In 2012, it was suggested by Professor Cormac O’Grada of the University College Dublin that cannibalism was likely practiced during The Great Hunger. O’Grada identified a series of reports from the famine, including the story of John Connolly from the west of Ireland, who ate the flesh from the body of his dead son. Another case was published on May 23, 1849, and described a starving man that “extracted the heart and liver of a shipwrecked human body” found on the shore. In some instances, extreme hunger caused people to eat family members.
5. Battle of Suiyang
In 757, the Battle of Suiyang was waged between the rebel Yan army and the loyalist forces of the Chinese Tang army. During the fight, the Yan were attempting to besiege the area of Suiyang in order to open territory south of the Huai River. The Yan heavily outnumbered the Tang, but had to bypass a series of strong walls to defeat the enemy. The Tang put General Zhang Xun in charge of defending the city.
Zhang Xun had 7,000 soldiers to protect Suiyang, while the Yan had 150,000. Despite daily sieges, the Tang managed to hold off the Yan for many months. However, by August of 757, all of the animals, insects, and vegetation in the area had been eaten. Zhang Xun made multiple attempts to get food from nearby fortresses, but was denied. In response, people started to starve to death and tried to convince Zhang Xun to surrender, but he refused.
According to the Old Book of Tang, after the food in Suiyang had run out, “people traded their children to eat and cooked bodies of the dead.” Zhang Xun recognized the dire situation, so he murdered his aide and offered her body up for food. At first the soldiers refused, but they soon consumed the flesh and started to eat every woman in the city. After all the women were consumed, the soldiers started to prey on old and young males. In total, the Book of Tang estimates that 20,000 to 30,000 people were cannibalized.
Suiyang became overrun with cannibals and by the time the Yan took the city, only 400 people were left. The Yan attempted to convince Zhang Xun to join their ranks, but he refused and was killed. Only 3 days after the fall of Suiyang, a large Tang army arrived and retook the area, which marked the downfall of the Great Yan.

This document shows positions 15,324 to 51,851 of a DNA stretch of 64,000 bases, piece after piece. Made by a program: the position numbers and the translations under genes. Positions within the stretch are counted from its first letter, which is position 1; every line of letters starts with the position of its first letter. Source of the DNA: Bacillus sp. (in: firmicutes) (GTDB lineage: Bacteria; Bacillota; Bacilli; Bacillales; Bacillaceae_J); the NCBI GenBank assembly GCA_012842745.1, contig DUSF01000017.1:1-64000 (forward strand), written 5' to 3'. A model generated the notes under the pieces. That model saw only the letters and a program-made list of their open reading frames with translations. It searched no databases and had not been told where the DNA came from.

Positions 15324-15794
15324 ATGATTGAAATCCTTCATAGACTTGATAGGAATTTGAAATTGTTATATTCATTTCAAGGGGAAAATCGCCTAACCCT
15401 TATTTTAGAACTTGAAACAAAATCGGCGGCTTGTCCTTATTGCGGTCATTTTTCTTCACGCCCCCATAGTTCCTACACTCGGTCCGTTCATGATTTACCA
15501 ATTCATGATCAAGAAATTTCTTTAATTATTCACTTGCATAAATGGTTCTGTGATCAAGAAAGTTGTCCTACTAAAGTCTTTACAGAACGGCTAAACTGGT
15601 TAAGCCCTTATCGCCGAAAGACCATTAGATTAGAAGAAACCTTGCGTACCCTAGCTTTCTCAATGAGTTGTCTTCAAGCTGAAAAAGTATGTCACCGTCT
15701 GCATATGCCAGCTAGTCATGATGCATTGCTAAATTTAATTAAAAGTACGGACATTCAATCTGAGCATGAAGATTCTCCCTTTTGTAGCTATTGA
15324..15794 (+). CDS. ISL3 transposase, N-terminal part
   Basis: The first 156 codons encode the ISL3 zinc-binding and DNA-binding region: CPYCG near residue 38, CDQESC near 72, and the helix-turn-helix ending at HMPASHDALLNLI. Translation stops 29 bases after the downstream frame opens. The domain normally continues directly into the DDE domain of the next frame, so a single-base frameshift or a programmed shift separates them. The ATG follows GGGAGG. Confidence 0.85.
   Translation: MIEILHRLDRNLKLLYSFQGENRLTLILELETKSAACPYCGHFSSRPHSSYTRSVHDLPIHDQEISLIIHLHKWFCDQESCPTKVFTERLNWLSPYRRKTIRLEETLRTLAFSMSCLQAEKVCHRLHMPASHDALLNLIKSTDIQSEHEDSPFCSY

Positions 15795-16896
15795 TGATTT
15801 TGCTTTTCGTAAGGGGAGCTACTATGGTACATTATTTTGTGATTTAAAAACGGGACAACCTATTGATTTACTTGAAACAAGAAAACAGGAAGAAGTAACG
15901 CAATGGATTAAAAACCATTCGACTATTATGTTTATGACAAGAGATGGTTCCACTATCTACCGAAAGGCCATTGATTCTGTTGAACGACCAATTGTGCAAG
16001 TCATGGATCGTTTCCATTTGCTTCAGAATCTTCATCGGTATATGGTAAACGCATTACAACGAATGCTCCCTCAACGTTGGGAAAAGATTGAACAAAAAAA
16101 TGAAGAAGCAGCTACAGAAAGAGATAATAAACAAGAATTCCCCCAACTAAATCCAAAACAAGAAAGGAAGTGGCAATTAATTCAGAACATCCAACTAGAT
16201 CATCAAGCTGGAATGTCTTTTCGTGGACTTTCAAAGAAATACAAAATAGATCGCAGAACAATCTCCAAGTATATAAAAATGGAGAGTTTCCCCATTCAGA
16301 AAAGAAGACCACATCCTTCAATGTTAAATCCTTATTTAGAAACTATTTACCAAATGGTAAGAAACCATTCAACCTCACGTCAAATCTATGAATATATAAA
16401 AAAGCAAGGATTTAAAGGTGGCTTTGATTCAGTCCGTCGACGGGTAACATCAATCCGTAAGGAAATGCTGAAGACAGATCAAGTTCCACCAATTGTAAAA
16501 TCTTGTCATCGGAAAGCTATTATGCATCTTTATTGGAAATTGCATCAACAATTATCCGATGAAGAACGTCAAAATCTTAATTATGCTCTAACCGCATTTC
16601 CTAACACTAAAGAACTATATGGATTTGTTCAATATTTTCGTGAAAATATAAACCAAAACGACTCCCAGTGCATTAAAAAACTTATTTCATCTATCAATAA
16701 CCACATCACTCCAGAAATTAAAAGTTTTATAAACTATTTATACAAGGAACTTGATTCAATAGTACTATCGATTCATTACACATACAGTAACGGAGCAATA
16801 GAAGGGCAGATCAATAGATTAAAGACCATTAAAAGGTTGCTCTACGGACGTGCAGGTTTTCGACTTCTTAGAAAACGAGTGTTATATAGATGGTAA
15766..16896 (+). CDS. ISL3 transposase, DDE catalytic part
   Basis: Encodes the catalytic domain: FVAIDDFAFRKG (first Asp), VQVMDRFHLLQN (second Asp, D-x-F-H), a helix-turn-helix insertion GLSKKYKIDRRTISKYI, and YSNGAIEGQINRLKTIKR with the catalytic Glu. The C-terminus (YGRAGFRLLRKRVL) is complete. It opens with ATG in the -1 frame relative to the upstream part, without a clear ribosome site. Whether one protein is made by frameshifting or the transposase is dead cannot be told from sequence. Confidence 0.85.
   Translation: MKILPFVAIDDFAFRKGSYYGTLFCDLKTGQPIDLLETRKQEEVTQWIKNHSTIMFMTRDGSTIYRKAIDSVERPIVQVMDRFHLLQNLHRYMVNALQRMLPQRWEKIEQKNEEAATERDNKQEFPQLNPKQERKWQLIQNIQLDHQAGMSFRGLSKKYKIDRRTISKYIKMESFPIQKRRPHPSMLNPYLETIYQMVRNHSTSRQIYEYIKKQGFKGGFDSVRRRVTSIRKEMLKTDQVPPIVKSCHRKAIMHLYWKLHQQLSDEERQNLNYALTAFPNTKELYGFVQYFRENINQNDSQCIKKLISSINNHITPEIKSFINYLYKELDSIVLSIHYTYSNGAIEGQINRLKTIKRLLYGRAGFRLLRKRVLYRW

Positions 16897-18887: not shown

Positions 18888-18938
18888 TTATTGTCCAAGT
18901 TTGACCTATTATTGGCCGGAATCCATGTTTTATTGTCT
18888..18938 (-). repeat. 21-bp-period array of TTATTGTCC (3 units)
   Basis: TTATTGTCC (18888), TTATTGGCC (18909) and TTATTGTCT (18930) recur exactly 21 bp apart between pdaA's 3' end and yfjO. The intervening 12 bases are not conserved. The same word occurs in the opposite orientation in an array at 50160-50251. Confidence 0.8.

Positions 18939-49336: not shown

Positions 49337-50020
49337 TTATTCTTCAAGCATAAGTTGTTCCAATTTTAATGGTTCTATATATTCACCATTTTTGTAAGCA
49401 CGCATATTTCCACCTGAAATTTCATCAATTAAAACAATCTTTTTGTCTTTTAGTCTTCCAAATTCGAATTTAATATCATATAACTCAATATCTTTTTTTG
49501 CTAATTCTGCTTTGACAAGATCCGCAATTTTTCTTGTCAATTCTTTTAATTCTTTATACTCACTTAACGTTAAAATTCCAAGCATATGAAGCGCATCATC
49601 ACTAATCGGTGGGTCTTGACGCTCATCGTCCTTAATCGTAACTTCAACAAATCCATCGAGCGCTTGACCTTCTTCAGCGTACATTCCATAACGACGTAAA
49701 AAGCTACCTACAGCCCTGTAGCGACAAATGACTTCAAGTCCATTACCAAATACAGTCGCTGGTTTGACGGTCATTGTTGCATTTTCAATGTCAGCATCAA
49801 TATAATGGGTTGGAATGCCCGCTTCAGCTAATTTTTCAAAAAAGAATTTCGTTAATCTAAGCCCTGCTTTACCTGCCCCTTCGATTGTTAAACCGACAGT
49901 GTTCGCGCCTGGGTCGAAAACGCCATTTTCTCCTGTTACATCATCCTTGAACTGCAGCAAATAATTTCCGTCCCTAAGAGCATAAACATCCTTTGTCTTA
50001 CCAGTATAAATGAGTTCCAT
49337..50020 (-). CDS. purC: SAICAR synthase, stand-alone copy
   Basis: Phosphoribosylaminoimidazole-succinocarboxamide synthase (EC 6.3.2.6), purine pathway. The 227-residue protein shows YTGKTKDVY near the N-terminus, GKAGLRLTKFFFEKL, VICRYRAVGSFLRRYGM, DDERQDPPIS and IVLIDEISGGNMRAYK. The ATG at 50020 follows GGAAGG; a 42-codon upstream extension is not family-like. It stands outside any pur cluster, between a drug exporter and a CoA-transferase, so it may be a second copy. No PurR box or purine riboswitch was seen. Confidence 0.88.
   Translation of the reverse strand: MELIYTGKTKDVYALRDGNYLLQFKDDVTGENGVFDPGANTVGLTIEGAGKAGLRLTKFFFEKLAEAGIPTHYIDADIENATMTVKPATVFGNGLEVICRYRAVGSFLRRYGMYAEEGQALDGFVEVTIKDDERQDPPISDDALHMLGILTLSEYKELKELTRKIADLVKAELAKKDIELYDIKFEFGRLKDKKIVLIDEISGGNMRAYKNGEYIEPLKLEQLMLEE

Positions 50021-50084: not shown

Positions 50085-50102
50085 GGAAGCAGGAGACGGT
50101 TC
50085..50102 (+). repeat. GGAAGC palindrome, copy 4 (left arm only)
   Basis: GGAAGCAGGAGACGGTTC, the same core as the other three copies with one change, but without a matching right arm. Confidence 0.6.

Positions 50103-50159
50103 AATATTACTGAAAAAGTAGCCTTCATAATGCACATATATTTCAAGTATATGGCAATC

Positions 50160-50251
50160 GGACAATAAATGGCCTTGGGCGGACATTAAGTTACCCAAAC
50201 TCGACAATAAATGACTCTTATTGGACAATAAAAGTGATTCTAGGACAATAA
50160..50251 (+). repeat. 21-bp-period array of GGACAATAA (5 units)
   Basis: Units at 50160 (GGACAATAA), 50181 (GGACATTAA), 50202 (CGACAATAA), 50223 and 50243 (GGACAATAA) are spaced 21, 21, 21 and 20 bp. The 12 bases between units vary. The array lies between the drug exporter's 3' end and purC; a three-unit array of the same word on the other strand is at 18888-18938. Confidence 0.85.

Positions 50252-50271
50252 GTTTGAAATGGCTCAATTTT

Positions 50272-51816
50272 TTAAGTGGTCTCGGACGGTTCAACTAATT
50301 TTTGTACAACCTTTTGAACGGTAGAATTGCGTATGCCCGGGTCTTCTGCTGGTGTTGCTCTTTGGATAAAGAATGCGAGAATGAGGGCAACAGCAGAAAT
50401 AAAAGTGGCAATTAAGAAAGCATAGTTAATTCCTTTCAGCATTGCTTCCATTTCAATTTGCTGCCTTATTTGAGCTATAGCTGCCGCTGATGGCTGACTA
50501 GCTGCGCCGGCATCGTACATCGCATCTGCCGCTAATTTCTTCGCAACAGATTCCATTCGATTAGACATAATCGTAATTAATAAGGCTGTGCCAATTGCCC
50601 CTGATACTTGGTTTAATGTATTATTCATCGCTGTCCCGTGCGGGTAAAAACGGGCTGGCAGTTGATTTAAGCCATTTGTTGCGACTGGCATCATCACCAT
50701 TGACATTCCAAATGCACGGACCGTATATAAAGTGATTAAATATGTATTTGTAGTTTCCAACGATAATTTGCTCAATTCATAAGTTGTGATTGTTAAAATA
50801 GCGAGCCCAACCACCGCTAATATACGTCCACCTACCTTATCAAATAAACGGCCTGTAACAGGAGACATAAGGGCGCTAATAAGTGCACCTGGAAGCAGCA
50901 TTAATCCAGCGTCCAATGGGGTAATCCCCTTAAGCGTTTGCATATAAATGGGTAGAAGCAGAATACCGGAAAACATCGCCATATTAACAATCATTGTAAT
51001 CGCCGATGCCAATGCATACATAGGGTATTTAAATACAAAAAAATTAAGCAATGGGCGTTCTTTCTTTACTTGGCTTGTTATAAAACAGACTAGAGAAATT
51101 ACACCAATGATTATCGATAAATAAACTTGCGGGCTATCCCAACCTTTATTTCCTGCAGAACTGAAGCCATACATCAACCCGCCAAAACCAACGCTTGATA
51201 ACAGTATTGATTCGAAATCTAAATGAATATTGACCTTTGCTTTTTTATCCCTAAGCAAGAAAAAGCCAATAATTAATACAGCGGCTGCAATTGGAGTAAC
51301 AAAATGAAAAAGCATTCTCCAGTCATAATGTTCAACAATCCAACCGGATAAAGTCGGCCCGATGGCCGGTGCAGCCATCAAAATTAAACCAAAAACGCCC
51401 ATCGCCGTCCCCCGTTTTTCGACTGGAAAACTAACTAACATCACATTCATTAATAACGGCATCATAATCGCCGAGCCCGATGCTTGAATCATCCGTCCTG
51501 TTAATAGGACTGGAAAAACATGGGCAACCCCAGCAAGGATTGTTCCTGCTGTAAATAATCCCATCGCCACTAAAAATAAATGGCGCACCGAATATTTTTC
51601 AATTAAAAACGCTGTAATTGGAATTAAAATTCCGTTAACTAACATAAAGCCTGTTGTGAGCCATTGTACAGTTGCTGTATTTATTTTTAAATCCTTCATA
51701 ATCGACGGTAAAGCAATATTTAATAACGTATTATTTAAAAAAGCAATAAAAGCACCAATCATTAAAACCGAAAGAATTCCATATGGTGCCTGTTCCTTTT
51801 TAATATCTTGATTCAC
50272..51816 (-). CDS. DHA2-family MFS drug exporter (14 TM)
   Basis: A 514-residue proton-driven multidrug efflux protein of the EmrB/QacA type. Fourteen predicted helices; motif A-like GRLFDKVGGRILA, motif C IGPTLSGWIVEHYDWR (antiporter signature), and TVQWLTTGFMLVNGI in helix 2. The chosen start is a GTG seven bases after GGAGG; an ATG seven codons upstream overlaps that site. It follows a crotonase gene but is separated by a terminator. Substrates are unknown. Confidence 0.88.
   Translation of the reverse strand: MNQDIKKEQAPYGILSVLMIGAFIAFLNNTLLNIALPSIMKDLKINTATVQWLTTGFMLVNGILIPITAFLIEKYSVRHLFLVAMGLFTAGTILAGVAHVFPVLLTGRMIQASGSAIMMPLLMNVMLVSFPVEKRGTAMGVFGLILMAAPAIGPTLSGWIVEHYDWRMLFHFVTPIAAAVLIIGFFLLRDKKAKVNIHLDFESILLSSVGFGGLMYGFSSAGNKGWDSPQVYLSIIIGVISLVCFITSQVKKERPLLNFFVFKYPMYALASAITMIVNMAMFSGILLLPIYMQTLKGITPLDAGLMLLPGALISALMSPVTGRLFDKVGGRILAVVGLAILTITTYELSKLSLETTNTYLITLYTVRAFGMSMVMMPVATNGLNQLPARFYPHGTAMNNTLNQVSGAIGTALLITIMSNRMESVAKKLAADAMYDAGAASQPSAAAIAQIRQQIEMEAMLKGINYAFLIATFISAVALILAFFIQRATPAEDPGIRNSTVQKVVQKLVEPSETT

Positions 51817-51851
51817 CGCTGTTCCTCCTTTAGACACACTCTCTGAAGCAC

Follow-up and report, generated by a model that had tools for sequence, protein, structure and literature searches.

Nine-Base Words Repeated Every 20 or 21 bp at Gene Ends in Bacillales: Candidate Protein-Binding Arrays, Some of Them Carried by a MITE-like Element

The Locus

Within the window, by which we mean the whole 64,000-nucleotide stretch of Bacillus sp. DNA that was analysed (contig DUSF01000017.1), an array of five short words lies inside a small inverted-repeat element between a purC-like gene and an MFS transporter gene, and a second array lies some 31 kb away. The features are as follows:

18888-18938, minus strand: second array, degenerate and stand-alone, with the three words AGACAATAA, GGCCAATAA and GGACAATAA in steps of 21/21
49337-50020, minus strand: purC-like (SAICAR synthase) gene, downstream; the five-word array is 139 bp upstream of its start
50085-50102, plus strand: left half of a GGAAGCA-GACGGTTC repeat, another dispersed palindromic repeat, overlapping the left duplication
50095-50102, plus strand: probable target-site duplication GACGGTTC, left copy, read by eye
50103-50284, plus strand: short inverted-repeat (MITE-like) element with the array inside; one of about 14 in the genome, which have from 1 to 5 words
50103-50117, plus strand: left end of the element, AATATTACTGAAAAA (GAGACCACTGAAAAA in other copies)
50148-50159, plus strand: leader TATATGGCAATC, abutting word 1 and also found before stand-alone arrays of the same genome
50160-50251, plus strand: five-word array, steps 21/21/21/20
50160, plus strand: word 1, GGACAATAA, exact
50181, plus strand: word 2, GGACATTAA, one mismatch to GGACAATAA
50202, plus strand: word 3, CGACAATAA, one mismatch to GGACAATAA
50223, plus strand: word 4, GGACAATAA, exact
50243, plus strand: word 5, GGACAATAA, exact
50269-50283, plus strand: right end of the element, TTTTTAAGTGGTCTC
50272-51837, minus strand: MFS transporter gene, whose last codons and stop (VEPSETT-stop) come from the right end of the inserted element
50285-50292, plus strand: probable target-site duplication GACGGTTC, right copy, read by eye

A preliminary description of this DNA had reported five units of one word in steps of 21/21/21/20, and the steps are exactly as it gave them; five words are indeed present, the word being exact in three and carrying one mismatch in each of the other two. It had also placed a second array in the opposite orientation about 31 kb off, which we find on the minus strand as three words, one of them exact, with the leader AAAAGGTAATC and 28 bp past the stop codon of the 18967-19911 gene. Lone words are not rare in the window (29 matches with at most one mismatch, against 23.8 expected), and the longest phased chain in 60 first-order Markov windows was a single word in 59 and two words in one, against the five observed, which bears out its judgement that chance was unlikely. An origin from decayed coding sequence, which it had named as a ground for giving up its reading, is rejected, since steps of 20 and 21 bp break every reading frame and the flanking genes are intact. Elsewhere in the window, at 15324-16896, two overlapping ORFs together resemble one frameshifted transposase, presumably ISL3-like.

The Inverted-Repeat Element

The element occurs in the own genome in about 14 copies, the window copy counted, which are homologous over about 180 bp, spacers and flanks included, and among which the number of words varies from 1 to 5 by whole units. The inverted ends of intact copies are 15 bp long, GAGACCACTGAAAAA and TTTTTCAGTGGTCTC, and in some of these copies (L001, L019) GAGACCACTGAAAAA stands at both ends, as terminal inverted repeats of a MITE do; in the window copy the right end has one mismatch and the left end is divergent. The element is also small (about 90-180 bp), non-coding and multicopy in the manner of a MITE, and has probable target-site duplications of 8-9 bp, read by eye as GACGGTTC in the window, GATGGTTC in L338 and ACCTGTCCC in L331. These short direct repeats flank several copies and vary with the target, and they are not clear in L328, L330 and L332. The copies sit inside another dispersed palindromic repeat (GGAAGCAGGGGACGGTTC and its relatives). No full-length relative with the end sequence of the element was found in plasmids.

4. Arduous March in North Korea
In the late 1980’s, the Soviet Union demanded payment from North Korea for all its past and current aid. In 1991, when the USSR collapsed, trade between the two countries stopped and the North Korean economy failed. In response, North Korea couldn’t produce enough food, and they experienced a massive famine between 1994 and 1998 that killed between 250,000 and 3.5 million people. The food shortage was extremely hard for women and small children.
During the disaster, meat was difficult to find and some people turned to cannibalism. People became suspicious of food vendors and children were warned not to enter the streets at night. Similar to other famines, it was said that “people went insane with hunger and even killed and ate their own infants.” People robbed graves and consumed dead bodies. Parents became concerned that their children might get kidnapped, murdered, and sold for food.
In 2013, articles began to surface that North Korea has started to experience another famine because of economic sanctions. The lack of food has caused people to once again turn to cannibalism. One report said that a man was caught digging up his grandchild’s corpse for food, while another says that a group of men were caught boiling children. Due to the secrecy of North Korea, the country has neither confirmed nor denied the recent reports of cannibalism.
In the early 1930’s, the Soviet Union became convinced that its government would benefit from replacing all the individual peasant farms with collective ones. The policy was an attempt to increase the food supply, but instead helped cause one of the biggest famines in history. The collectivization of land meant that the farmers were forced to sell most of their harvest at a cheap price. The workers were also forbidden from eating their own crops.